The other is that of course the three players you mentioned were all, for some reason or another, signed by the Canucks as prospects during the offseason. Two of them are on entry level contracts after being drafted by the Canucks and the third following his overage junior year after not being signed by the club which drafted him. That’s a big difference from a veteran pro who has already failed to command even an AHL contract in the offseason, who had been plucked from the ECHL because of injuries.

        Two things. First, those signings, however unwise, were offseason signings of amateur or European players that the Canucks, for whatever reason, thought had some chance as prospects. Darcy was a veteran ECHL player on an ECHL contract and nobody could think him a prospect.

        The other thing may be semantics, but how does refraining to continue to do ridiculous things qualify as “wise?” Or was that somewhat tongue in cheek?

        • Cory Hergott

          When it comes to contracts, not many things would surprise me at this point. I am a fan of a lot of the things that the Benning management group has done, but contracts have not been the strong point. Neither of Stewart or Laplante warranted anything more than an AHL deal. This is an AHL depth signing by the team that I cover, and as such, I wrote a short post on it. As far as hockey news goes, this is pretty minor, so let’s not blow this out of proportion. ??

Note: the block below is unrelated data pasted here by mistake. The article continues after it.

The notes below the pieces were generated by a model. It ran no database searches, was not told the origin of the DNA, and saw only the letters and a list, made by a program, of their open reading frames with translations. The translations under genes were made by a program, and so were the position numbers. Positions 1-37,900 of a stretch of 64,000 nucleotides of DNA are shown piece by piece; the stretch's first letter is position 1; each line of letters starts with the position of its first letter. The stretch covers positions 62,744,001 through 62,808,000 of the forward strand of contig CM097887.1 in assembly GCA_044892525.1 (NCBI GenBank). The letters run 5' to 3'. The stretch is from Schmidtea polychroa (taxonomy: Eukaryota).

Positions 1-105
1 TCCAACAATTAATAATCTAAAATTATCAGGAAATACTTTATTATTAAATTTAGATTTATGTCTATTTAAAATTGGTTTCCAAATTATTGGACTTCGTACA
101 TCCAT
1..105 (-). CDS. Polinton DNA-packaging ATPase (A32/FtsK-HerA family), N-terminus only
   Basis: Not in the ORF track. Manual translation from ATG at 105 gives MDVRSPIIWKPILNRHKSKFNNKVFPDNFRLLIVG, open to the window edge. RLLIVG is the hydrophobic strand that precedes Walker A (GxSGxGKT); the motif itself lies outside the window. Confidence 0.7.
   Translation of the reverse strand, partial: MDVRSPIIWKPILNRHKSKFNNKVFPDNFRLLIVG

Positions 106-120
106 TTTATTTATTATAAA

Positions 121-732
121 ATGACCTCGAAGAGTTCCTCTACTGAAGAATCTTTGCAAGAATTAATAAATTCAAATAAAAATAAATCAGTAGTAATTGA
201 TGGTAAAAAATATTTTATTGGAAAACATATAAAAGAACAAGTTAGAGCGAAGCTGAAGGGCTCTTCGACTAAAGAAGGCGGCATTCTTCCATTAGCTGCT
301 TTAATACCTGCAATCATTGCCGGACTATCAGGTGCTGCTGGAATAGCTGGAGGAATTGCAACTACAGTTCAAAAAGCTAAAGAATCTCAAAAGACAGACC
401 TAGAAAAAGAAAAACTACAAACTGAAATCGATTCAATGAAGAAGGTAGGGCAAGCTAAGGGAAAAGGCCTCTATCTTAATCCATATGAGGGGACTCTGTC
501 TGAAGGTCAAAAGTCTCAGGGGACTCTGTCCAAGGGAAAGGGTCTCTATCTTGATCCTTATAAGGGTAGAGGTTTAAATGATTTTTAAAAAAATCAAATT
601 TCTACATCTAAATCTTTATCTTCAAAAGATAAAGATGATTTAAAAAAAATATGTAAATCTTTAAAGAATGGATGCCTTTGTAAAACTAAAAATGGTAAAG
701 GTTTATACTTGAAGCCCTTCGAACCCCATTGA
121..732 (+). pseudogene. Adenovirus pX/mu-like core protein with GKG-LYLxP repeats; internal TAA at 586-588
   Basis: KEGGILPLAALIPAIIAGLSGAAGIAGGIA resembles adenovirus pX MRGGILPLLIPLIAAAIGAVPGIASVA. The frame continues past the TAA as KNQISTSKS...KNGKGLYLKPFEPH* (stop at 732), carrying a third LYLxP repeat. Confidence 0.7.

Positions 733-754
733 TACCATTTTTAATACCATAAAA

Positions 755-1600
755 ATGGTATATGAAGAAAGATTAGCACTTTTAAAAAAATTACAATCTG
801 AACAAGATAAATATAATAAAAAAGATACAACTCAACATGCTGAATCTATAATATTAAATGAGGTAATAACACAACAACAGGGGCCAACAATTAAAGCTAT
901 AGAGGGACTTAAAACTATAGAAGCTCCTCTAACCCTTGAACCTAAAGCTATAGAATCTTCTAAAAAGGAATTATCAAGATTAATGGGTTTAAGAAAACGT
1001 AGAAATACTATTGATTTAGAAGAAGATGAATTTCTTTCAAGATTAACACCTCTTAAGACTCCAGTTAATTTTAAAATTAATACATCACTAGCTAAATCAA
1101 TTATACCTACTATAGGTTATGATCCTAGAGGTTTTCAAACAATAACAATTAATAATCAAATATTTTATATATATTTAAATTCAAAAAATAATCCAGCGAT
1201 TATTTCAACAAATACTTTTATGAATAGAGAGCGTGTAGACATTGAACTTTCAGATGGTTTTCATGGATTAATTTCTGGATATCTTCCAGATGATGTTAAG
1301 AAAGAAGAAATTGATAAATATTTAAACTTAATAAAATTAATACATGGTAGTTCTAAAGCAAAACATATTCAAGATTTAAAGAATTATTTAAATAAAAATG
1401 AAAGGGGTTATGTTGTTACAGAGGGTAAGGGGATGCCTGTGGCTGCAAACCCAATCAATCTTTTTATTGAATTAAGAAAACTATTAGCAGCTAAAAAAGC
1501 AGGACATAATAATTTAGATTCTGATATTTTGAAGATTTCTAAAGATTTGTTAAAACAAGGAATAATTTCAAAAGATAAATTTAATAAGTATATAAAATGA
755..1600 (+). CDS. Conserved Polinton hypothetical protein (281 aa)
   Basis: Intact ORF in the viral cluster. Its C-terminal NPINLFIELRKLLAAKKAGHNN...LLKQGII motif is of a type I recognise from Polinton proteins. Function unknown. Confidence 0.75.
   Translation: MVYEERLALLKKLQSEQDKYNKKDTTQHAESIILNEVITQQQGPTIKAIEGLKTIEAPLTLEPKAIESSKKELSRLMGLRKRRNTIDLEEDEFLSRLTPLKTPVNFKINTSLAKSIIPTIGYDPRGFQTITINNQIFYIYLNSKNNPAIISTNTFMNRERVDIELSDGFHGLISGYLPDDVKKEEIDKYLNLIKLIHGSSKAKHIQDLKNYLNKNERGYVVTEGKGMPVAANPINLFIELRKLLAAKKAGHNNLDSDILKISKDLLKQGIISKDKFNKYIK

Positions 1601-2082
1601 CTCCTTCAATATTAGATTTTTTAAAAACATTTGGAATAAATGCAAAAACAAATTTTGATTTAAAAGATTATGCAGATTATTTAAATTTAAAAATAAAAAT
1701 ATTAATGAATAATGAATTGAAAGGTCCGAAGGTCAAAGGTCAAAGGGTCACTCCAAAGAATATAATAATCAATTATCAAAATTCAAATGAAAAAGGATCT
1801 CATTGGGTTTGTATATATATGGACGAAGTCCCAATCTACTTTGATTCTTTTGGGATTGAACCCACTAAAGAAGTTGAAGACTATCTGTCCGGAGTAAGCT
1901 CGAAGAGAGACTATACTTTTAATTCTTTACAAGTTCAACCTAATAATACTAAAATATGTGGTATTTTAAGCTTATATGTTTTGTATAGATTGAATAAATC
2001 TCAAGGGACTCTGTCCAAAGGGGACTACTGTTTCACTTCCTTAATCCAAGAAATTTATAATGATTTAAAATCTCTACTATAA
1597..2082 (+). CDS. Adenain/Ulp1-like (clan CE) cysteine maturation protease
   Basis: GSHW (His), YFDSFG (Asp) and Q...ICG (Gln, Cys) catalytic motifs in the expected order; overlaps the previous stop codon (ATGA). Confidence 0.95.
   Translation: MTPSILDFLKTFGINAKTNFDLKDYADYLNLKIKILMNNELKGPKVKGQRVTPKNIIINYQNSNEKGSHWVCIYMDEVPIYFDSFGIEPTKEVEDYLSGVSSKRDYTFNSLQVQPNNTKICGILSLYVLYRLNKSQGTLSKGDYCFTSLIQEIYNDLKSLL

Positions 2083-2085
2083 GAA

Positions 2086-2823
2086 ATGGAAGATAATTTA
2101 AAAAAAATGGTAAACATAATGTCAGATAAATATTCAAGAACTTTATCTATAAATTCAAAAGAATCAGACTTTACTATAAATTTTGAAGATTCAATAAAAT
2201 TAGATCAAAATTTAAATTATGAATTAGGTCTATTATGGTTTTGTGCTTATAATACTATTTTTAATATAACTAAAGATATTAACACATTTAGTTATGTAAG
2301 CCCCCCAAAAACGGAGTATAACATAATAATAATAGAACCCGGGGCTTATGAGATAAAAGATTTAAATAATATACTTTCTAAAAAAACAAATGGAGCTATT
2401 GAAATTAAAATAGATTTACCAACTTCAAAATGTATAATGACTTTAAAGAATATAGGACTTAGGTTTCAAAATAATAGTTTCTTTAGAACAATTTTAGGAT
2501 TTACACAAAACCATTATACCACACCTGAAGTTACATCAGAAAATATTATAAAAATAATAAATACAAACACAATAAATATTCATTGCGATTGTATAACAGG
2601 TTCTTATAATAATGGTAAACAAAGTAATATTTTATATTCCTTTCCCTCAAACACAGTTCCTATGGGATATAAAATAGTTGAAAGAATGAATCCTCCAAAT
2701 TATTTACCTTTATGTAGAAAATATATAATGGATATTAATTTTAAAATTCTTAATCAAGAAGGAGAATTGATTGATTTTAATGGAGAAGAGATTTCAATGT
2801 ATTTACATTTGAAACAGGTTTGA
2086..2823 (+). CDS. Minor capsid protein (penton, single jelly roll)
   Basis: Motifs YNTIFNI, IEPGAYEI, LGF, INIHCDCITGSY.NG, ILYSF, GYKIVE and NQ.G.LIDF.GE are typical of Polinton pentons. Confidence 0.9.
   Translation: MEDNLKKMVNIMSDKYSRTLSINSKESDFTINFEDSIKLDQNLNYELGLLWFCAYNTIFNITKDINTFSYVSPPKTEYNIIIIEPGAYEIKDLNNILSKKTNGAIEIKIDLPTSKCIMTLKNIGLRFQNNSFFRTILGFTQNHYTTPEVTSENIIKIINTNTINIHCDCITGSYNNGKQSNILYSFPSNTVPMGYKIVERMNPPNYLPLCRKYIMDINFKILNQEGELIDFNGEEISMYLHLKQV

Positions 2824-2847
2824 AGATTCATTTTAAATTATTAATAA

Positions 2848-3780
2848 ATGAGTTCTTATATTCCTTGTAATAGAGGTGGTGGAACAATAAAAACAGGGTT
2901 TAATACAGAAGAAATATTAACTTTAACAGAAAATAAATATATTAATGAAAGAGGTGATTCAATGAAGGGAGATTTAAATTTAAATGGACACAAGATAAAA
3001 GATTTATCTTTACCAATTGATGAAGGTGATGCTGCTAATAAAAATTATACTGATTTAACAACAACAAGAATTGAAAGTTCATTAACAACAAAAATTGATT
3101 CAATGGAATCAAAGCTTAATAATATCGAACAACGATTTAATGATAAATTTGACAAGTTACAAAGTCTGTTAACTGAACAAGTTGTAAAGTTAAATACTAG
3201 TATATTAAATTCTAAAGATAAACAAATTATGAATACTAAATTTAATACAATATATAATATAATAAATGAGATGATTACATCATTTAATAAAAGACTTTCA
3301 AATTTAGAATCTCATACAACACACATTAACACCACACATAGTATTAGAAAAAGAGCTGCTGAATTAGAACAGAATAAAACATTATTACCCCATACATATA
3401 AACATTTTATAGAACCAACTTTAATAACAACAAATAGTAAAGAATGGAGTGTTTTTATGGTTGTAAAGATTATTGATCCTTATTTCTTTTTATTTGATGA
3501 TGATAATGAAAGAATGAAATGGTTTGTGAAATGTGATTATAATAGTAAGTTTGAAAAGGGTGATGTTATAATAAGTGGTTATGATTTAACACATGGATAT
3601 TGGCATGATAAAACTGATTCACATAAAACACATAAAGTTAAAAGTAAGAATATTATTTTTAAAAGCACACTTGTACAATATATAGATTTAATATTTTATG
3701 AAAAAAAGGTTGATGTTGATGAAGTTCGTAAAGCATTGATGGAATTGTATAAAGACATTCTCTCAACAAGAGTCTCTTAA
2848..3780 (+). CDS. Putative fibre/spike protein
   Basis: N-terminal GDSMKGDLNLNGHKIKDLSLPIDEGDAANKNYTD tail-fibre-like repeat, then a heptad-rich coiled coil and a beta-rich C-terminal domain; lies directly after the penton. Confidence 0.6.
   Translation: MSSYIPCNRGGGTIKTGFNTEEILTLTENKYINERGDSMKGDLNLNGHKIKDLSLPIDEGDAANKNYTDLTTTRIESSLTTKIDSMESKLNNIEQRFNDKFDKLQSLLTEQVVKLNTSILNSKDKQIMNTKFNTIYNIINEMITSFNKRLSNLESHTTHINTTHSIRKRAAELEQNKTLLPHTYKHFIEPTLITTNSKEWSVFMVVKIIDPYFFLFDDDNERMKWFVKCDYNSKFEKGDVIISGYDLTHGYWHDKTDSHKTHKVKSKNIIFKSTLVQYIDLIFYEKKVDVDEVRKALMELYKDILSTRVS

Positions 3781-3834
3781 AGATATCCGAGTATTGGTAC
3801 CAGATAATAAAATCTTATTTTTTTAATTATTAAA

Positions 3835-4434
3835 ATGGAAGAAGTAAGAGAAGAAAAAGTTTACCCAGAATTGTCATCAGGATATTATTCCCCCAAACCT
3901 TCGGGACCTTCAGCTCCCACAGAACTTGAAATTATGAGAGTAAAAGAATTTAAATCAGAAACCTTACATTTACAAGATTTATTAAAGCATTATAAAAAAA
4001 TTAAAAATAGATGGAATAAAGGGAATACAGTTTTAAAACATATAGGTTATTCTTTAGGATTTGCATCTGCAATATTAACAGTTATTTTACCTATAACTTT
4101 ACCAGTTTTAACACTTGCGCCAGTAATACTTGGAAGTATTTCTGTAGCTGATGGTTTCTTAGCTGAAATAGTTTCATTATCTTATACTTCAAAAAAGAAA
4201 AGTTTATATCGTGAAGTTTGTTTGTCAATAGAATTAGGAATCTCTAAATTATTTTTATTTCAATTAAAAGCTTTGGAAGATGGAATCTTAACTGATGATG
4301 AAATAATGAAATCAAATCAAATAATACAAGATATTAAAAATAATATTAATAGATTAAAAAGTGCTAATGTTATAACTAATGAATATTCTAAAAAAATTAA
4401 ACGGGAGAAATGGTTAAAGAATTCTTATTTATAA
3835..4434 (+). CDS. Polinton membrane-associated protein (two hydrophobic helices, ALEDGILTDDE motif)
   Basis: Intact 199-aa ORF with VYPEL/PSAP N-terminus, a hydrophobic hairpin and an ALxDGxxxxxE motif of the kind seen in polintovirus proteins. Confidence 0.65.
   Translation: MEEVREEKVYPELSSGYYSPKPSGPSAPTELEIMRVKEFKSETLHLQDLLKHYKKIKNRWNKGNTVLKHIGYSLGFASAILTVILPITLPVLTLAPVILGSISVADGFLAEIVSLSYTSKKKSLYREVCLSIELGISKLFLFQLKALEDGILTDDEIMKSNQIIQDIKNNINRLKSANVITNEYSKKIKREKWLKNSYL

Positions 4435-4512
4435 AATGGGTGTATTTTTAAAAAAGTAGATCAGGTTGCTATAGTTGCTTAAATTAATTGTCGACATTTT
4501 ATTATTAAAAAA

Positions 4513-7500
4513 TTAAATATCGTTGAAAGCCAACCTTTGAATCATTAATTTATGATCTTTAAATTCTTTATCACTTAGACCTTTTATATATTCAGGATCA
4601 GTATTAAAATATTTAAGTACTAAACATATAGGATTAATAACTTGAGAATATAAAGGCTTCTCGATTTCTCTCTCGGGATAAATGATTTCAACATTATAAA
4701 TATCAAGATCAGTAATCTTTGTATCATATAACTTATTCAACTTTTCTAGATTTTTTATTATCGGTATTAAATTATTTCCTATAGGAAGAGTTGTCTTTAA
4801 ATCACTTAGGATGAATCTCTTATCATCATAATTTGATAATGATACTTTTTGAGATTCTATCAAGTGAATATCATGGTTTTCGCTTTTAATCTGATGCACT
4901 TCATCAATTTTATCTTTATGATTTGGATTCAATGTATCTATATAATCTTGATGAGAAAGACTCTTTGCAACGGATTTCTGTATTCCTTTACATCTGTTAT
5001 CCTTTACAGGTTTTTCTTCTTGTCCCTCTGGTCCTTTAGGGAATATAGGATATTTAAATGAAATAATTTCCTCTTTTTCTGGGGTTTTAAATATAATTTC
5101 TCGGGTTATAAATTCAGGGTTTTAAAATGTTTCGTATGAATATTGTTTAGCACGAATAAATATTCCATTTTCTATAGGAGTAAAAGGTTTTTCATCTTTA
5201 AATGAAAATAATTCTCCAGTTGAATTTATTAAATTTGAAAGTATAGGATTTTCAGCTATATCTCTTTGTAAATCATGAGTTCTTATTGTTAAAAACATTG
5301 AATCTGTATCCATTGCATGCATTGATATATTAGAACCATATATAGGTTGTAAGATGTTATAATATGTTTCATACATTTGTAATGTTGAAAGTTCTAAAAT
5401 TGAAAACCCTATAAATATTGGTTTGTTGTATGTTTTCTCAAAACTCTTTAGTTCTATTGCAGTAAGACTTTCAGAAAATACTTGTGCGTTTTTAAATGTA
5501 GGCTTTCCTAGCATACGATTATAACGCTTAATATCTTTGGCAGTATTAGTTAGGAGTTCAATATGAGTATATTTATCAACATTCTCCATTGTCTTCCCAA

• tyhee

        Thanks.

        I’m now wondering if your use of “wise” was tongue in cheek, at least to some extent, and that flew over my head the first time I read it. Certainly “wise” isn’t synonymous with “managed not to do something ridiculous.” If you were joking about the horrid past signings and I missed it, then sorry.

        The other is that of course the three players you mentioned were all, for some reason or another, signed by the Canucks as prospects during the early offseason. There are all on entry level contracts, two after being drafted as prospects by the Canucks and the third after being drafted but unsigned by the Coyotes followed by an overage junior season. It may have been unwise, but they were signed as prospects. That’s a big difference from a veteran pro whose elc was terminated after two years and who who none of the 31 organizations had seen fit to offer anything more than an ECHL contract to, who is plucked from the ECHL to fill in for injuries.

  • jaybird43

    I think they’ve got 46 nhl contracts on the books. I guess you can add Pettersson and Guadette at some point within a year, plus prolly Kole Lind and maybe one or two others. Less trades at deadline (prolly Vanek and Burmistrov), so that’s close to 50. They’ll have to manage this carefully. Don’t be surprised to see a trade to accommodate a new signing a few weeks later …

    • Benning could allow expiring contracts for Molino, Sautner, Stewart, Cederholm, and Cassels to lapse without hurting the Canucks prospect pool. Pretty safe to say that replacing them with Pettersson, Gaudette, Lind, and Gadjovich is only an improvement.